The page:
And I haven't really found that to be true that people get scot free off of medical bills that are burdened onto others. Unless the people are transient or truly indigent (a true minority) and hard to track down. Both my ex and my brother have been hit with ridiculously large medical bills which have to be negotiated down. My ex had emergency heart surgery and was sent to ICU but there was a gap in her insurance through employee provider while they were changing companies so she was denied coverage after the fact. The bill was fucking laughably ridiculous like $145,000 (don't even remember other than it was 6 figures and blew our minds) and they negotiated down to $40,000 or something, it's just pulling magic numbers from the air. Might as well have been $1 million in both cases as she was borderline indigent as it was. My brother got hit with a $15,000 bill for 1 emergency room visit after the cheaper urgent care center said they lacked the equipment to test him but the emergency room didn't test him with that machinery either even though they had it AND they gave him a SEPARATE $400 bill or something for the doctor in the ER! Hilarious to me.

    The whole medical/health industry is screwy and jacked up. People from pretty much every other country visit and say WTF is everything so expensive in the states, why is it like that? My friend is a nurse and her MD friend who has her own clinic nets LESS than a nurse's salary after all the malpractic insurance etc. is factored in. Hospital bills make no sense and are basically aribtrary IMHO and need an expert to decode even the bills. It is almost a built-in adversarial, suspicious, unhelpful relationship between caregiver and patient. The only people who come to America for medical care are those special cases that make for tabloid TV - "I have 2 heads", "My twin is growing out of my stomach", "Please stop this giant tumor on my face from eating me" etc. where the insane nature of the medical condition trumps the insane price of medical treatment and it's "free".

    It's the same concept as emergency care, you keep getting denied preventative and minor triage care until you're almost dead and then you get medical care only enough to keep you alive so you can mount more debt and be hit with a giant bill you can't pay.

    Basically, I don't see how with this system ^^ telling people "don't worry, unless you are a senior citizen or qualify for medicaid, you will have to pay a lot more than you want for questionable coverage" helps anything. I honest to god just do not see big reforms happening. I've shopped for home insurance, car insurance ,life insurance, health insurance (heaven help you if you file a "minor" claim, it will always end up being more expensive for you in the long run than just paying out of pocket) often it's practically a $$$ scam.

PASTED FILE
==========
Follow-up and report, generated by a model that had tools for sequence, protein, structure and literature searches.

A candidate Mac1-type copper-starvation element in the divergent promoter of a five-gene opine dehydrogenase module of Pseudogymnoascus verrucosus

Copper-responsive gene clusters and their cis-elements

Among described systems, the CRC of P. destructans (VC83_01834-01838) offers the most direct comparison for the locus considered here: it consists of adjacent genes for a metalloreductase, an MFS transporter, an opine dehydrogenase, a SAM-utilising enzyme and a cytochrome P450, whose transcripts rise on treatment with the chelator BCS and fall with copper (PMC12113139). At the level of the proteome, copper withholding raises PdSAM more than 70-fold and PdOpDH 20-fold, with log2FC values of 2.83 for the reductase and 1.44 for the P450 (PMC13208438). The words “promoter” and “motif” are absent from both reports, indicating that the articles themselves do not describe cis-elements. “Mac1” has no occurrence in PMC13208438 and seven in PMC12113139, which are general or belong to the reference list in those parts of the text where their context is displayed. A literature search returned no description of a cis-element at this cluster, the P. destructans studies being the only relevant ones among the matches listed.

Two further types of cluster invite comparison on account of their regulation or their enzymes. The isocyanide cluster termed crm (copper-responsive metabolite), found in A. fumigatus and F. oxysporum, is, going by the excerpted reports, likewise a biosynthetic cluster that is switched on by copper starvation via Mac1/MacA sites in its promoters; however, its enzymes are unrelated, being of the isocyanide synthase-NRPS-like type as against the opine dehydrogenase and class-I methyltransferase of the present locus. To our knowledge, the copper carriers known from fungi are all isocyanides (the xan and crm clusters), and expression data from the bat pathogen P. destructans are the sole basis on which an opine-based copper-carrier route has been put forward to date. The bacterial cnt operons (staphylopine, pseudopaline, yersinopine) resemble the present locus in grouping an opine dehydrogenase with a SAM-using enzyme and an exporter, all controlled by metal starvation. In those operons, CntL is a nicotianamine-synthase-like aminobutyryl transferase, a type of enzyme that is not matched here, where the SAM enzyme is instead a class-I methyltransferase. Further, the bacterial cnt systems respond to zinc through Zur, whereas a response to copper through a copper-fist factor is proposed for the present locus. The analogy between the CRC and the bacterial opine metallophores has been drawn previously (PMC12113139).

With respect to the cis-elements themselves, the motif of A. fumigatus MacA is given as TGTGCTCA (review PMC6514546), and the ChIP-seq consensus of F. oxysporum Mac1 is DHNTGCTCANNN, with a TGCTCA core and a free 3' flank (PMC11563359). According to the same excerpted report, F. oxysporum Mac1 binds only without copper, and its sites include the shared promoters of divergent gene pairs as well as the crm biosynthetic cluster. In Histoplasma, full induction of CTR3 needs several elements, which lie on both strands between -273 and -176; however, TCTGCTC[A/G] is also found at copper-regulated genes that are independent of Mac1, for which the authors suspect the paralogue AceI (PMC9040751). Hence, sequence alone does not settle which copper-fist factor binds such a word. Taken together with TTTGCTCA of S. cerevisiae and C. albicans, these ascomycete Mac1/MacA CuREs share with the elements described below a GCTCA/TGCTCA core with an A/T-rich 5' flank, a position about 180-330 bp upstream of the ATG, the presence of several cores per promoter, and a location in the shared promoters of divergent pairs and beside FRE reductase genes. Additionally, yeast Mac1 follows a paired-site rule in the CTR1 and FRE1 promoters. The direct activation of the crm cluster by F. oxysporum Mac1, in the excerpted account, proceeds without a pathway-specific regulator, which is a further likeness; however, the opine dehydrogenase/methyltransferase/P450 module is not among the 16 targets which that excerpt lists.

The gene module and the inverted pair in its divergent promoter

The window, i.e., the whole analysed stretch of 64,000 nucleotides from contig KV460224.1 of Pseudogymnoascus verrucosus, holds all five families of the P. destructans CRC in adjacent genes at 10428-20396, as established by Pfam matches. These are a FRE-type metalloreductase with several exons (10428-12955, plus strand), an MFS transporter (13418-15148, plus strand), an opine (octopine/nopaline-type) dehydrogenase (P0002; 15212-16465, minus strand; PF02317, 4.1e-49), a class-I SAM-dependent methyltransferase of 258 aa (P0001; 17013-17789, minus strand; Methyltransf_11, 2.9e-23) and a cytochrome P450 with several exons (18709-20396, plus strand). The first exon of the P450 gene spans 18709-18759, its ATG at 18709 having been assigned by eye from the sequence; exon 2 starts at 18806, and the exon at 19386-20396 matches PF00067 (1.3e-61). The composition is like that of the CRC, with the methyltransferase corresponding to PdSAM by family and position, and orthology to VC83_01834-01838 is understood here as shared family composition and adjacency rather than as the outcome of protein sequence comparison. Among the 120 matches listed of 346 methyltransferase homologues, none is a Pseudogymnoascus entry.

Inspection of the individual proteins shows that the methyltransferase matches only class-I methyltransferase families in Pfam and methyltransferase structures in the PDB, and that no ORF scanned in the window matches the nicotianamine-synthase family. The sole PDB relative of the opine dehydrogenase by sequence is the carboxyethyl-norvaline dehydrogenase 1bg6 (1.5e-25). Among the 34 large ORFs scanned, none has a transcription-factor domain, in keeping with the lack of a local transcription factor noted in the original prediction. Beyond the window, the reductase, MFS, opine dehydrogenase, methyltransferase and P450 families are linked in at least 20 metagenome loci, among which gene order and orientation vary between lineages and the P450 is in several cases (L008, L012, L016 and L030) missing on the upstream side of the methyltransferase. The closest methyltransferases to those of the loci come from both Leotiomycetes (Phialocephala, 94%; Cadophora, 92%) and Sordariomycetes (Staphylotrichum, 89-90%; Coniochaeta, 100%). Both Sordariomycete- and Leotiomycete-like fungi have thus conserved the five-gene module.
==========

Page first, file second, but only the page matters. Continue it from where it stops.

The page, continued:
Gosh...I must be really pissed about this because I keep ranting.

    But...you get the picture.

    This Obamacare is NOTHING revolutionary or hopeful. Unless medical care and the private insurance industry are fundamentally changed, I tell you, we are f*cked.

    BTW, if the government actually provides a sliding scale for "Obamacare" and makes it EASY to get and subsidizes a fair amount then I will complain less then.
    Your post makes no rational sense. You state medical emergencies are extremely rare then promptly cite two personal examples.

    As to why the individual mandate is designed to lower costs, google "adverse selection".

  9. #149
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    Quote Originally Posted by lowtech redneck View Post
    There is no precedent, and my method of Constitutional interpretation is originalism.
    Whyyyyyy?

    Who gives a flying fuck what a bunch of slave-owning wannabe aristocrats think about government? They are dead and buried and don't live in our world. They aren't gods and their writings aren't scripture.

  10. #150
    RETIRED CzeCze's Avatar
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    Quote Originally Posted by MacGuffin View Post
    Your post makes no rational sense. You state medical emergencies are extremely rare then promptly cite two personal examples.

    As to why the individual mandate is designed to lower costs, google "adverse selection".
    Did I not state I was ranting???!

    I was using the two examples not as cases of "rarity" but rather that neither of those people got off without paying anything, those bills will just follow them around and get paid slowly. And that was coupled with what I was saying about medicsl bills currently being grossly inflated and seemingly based on magic and fairy dust thanes than true cost. These cases also weren't true emergencies they were caused by a lack of preventative care and could be seen coming down the pipeline.

    Bottom line If the current private insurance and health care system doesn't change drastically I don't see how this is the big "win" that it's being touted as.

    So IYF!